professornana (professornana) wrote,
professornana
professornana

Flim Flam

I want to post this link once more:  http://christopherlehman.wordpress.com/2012/10/29/educations-own-47/ and encourage any of you who have not seen this brilliant post by Christopher Lehman to go back and read it and SHARE it.  Lehman puts it all down on paper here: how there are other "experts" who are playing the 47% game with education.  One of the things I have noticed of late is the commercial by an oil company that, on the surface, seems to praise the work of teachers.  There is, however, a slightly less noble underpinning that cries out to me.  The commercial talks about how good teachers can make the difference in the lives of kids.  Yes, absolutely.  I am a teacher thanks to some of the wonderful folks who taught me.  I am an English teacher for the same reason.  And I am a college professor due to other role models.  However,  this commercial suggests that it is the one thing we can invest in that makes sense:  teacher education.

No, no, no, no, no, no, no, no, no!  You see we have to invest in more than just teacher education (and please keep corporations out of higher ed).  We have to invest in kids and schools and books and all that, too.  Every time I hear a politician suggest that they cannot just throw money at the problem, I want to get a bullhorn and ask them to please TRY throwing some money.  Throw some money into schools that provide the only nourishment a kid might get.  Throw money at the schools who provide prom dresses, dental care, haircuts, child care, and so much more for their students.  There are schools who are doing just that.  Throw money at libraries (we do know the effect of librarians and libraries thanks to Keith Curry Lance's studies) and make sure all schools have libraries and librarians (certified ones, please).   Throw money at schools who only are able to offer half day kindergarten or who do not offer transportation to and from extra curricular events.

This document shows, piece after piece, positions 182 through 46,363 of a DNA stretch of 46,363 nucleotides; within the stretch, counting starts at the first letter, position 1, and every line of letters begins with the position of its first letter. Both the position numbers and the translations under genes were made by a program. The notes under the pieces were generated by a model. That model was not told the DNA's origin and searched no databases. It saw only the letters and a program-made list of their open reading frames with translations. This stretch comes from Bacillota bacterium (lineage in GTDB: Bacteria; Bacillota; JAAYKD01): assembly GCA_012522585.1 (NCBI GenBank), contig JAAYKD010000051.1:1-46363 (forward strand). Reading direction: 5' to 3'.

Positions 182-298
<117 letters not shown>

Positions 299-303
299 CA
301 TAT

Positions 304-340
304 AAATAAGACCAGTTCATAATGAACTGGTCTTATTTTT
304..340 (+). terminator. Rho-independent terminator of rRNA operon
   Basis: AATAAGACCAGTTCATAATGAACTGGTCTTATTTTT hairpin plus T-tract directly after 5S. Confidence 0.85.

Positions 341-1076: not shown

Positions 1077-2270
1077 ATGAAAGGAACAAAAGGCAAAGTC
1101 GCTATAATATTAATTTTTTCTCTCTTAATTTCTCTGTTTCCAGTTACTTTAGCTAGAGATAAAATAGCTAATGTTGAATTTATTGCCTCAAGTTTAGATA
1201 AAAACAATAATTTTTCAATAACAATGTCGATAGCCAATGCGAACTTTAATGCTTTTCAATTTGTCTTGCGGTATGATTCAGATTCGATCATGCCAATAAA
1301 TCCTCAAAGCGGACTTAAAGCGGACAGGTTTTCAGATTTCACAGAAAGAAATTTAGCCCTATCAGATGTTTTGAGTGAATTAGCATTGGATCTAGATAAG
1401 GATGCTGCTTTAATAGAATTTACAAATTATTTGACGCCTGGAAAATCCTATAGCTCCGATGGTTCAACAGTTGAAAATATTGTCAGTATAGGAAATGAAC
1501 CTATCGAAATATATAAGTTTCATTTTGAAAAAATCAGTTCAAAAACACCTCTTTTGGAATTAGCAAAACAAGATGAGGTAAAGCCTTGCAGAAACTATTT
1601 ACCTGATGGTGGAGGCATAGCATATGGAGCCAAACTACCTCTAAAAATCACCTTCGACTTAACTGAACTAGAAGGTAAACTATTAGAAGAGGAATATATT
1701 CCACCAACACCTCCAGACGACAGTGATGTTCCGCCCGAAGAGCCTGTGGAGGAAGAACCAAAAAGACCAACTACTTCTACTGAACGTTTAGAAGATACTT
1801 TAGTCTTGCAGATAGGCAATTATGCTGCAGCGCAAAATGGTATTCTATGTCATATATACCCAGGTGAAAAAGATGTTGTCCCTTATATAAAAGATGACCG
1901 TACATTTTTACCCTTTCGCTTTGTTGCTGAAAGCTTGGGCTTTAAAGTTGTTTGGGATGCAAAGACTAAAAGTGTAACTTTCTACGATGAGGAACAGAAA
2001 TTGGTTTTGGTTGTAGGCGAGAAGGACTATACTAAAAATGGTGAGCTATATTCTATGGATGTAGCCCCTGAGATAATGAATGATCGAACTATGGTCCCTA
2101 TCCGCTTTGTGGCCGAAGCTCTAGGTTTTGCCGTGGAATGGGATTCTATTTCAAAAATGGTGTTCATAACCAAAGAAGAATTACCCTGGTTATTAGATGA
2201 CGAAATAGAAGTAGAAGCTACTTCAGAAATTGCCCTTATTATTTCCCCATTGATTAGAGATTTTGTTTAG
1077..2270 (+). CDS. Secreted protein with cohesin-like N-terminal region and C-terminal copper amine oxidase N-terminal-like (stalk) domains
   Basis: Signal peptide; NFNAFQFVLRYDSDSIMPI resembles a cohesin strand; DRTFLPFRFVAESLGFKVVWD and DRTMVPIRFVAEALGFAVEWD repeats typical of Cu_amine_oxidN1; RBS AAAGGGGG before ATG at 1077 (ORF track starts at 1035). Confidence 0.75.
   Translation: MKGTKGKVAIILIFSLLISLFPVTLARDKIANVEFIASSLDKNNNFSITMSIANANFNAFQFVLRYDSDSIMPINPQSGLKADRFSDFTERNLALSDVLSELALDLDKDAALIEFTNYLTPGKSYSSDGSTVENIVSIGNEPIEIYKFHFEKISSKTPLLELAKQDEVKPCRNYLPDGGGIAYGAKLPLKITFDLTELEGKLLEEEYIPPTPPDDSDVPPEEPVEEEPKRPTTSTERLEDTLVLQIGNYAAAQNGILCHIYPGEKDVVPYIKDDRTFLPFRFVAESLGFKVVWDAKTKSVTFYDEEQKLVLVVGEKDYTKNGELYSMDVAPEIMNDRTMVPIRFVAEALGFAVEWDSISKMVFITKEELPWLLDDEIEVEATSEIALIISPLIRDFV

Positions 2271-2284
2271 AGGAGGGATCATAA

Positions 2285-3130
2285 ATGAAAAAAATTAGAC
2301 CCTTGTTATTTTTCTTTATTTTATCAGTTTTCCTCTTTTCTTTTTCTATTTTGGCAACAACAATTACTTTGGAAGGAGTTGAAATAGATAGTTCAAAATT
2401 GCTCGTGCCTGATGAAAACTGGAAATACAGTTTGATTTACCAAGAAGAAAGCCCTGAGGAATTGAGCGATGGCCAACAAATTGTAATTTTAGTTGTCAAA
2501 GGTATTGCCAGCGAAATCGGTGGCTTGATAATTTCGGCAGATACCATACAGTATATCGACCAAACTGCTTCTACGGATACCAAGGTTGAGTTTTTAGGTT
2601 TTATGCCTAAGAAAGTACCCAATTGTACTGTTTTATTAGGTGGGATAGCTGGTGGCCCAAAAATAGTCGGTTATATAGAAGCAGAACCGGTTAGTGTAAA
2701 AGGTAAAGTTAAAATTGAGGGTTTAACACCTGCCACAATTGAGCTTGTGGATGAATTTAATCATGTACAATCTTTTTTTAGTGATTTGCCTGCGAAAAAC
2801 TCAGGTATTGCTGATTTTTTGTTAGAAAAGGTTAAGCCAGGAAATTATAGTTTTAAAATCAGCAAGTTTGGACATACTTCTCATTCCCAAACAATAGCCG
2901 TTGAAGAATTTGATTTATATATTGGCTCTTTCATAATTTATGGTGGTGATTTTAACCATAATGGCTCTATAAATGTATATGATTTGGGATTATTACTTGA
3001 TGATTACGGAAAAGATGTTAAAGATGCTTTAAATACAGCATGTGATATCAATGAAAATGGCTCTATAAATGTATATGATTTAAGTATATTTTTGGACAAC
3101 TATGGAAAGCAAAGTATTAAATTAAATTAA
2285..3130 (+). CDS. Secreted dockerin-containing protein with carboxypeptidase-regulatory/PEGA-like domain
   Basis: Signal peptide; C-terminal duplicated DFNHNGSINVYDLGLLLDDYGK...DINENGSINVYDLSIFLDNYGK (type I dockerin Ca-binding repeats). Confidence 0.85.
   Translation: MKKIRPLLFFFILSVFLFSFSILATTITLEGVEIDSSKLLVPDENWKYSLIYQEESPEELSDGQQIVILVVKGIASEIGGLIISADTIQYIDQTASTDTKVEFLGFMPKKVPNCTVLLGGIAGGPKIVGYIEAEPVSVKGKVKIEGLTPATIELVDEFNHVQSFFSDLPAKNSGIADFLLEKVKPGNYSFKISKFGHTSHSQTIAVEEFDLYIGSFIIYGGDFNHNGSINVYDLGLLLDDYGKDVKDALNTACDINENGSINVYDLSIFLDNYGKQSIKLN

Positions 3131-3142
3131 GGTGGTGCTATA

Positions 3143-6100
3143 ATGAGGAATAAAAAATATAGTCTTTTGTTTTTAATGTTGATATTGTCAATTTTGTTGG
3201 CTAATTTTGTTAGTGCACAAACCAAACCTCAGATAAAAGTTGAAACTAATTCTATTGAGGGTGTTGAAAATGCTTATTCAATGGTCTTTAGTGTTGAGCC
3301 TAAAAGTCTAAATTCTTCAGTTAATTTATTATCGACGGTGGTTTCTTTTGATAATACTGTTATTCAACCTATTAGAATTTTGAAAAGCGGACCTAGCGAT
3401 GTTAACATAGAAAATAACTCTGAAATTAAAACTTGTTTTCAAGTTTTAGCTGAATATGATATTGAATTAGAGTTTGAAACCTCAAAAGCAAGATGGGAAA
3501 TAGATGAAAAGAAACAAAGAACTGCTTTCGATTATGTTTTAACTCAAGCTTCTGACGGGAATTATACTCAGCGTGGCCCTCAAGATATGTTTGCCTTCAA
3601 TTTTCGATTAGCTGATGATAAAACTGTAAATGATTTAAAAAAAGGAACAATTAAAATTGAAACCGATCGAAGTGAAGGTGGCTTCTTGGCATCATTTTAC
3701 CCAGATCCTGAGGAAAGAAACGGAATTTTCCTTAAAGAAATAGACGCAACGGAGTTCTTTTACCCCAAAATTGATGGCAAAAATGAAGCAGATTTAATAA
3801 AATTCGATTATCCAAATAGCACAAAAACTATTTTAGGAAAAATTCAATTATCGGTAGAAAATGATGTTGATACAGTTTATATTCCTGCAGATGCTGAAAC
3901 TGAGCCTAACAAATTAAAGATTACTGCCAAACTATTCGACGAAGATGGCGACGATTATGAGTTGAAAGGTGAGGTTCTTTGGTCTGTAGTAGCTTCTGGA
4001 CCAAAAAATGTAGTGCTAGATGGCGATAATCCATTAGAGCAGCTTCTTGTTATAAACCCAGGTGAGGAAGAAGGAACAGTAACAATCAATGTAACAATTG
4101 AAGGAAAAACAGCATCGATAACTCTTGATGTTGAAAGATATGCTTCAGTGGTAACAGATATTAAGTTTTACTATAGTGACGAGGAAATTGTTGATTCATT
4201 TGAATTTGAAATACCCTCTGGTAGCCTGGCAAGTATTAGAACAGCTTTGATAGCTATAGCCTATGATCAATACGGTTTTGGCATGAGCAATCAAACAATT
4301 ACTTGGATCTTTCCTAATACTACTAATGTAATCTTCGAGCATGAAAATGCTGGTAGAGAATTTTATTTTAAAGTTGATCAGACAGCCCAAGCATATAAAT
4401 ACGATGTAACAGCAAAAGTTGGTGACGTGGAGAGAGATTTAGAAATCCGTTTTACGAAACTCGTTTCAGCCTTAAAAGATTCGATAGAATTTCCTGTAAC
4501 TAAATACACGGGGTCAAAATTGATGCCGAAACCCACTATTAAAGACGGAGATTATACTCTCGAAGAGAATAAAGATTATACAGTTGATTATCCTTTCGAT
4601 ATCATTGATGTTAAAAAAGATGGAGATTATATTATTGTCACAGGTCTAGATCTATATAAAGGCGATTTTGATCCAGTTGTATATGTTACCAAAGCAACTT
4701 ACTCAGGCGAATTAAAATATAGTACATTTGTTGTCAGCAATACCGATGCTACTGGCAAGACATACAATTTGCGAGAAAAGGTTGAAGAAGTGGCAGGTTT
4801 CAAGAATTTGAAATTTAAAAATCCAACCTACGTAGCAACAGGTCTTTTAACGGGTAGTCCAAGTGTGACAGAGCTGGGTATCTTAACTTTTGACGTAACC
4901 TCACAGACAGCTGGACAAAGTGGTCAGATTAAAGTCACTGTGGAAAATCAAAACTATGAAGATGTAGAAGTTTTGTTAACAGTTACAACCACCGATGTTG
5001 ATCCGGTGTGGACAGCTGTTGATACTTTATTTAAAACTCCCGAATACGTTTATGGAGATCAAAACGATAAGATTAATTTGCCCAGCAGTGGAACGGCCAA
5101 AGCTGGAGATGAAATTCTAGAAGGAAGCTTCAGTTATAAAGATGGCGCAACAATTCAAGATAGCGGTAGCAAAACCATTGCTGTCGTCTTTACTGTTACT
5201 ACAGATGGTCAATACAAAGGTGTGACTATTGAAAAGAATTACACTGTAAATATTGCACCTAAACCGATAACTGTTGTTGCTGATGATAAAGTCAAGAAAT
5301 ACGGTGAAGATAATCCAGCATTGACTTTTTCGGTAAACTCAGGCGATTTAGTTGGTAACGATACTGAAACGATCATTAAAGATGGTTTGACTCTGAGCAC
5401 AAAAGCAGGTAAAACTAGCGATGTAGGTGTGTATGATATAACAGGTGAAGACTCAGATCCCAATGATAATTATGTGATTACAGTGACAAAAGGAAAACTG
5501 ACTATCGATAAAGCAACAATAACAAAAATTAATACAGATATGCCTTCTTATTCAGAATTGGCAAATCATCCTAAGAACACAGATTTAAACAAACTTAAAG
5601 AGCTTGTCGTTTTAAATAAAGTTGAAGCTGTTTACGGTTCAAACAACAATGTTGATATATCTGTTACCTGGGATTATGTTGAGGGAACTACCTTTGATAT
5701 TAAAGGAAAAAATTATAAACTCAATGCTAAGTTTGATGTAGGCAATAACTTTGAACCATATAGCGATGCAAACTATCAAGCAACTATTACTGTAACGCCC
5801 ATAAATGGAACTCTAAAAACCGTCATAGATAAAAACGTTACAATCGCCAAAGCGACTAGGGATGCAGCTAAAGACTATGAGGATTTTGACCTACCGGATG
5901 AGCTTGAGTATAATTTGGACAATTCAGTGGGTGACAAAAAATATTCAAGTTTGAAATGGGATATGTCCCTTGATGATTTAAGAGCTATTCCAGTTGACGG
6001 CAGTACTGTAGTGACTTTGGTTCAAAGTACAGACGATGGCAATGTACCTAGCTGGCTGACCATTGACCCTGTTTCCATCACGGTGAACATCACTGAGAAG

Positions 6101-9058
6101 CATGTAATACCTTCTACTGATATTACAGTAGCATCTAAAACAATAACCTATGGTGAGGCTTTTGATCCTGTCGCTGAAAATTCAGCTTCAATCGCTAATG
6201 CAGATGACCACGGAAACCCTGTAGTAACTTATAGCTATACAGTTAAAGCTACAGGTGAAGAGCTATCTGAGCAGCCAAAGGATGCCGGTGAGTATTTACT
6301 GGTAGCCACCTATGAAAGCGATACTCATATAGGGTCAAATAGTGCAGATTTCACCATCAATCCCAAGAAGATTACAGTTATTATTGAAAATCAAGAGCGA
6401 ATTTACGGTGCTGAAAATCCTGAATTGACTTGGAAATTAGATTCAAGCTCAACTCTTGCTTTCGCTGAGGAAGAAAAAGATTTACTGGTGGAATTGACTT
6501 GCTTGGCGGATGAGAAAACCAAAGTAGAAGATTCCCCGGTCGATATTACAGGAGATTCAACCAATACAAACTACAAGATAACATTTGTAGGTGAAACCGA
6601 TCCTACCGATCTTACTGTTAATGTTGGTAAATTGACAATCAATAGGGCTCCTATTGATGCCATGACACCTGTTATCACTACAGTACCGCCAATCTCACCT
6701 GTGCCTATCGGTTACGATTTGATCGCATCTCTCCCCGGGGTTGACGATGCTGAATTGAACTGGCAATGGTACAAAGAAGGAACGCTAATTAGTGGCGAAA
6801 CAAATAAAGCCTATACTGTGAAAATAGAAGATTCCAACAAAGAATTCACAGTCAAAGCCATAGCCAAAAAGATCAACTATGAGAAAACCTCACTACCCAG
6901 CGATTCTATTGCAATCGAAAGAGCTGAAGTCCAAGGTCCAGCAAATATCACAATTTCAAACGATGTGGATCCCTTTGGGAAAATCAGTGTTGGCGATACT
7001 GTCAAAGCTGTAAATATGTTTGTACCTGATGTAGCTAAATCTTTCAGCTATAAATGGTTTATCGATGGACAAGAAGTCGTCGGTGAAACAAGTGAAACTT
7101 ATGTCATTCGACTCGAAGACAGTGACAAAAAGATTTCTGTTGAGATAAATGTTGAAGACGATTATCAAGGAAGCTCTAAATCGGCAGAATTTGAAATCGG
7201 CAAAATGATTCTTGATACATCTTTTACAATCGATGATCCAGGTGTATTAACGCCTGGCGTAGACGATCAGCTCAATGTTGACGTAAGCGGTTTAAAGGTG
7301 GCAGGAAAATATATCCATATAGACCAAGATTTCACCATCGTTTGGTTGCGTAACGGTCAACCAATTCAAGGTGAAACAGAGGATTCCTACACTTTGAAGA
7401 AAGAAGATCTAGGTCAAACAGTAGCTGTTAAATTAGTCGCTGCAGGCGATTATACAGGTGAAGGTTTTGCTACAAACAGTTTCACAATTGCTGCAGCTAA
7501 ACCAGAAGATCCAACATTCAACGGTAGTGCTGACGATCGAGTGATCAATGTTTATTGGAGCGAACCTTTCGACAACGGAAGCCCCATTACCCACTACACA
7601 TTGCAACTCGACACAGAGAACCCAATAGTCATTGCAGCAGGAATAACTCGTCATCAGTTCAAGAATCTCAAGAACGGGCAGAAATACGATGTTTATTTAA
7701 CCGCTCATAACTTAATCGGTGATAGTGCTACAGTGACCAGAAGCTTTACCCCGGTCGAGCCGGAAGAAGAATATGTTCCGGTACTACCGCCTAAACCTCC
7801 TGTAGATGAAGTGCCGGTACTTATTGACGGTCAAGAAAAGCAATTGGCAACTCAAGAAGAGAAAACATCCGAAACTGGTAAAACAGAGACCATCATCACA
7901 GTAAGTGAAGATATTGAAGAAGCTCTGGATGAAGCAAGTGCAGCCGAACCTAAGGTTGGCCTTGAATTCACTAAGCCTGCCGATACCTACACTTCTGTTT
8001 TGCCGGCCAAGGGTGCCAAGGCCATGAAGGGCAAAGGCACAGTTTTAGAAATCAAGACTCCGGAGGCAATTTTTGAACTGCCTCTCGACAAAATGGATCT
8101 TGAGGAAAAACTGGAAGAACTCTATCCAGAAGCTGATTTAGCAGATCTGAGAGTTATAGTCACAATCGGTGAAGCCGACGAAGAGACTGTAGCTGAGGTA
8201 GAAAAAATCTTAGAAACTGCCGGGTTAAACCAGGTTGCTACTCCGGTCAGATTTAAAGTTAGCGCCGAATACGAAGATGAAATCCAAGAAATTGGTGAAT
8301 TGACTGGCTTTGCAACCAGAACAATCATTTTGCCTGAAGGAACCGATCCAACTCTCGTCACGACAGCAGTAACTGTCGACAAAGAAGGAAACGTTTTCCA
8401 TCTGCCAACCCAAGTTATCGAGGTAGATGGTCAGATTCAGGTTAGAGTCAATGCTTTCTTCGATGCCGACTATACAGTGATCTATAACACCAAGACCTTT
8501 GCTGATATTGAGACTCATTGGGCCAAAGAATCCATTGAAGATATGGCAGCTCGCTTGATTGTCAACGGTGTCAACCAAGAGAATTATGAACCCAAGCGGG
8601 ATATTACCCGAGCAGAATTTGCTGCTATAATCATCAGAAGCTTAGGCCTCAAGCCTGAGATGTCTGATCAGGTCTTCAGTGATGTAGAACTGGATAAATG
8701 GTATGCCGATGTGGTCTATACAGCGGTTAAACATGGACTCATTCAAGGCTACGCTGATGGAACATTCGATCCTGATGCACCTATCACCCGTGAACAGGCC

You see, I think it is flim flam to suggest that we can "fix" education (and that is the tag line of this commercial) simply by educating teachers.  We need so much more. 
Tags: education, funding
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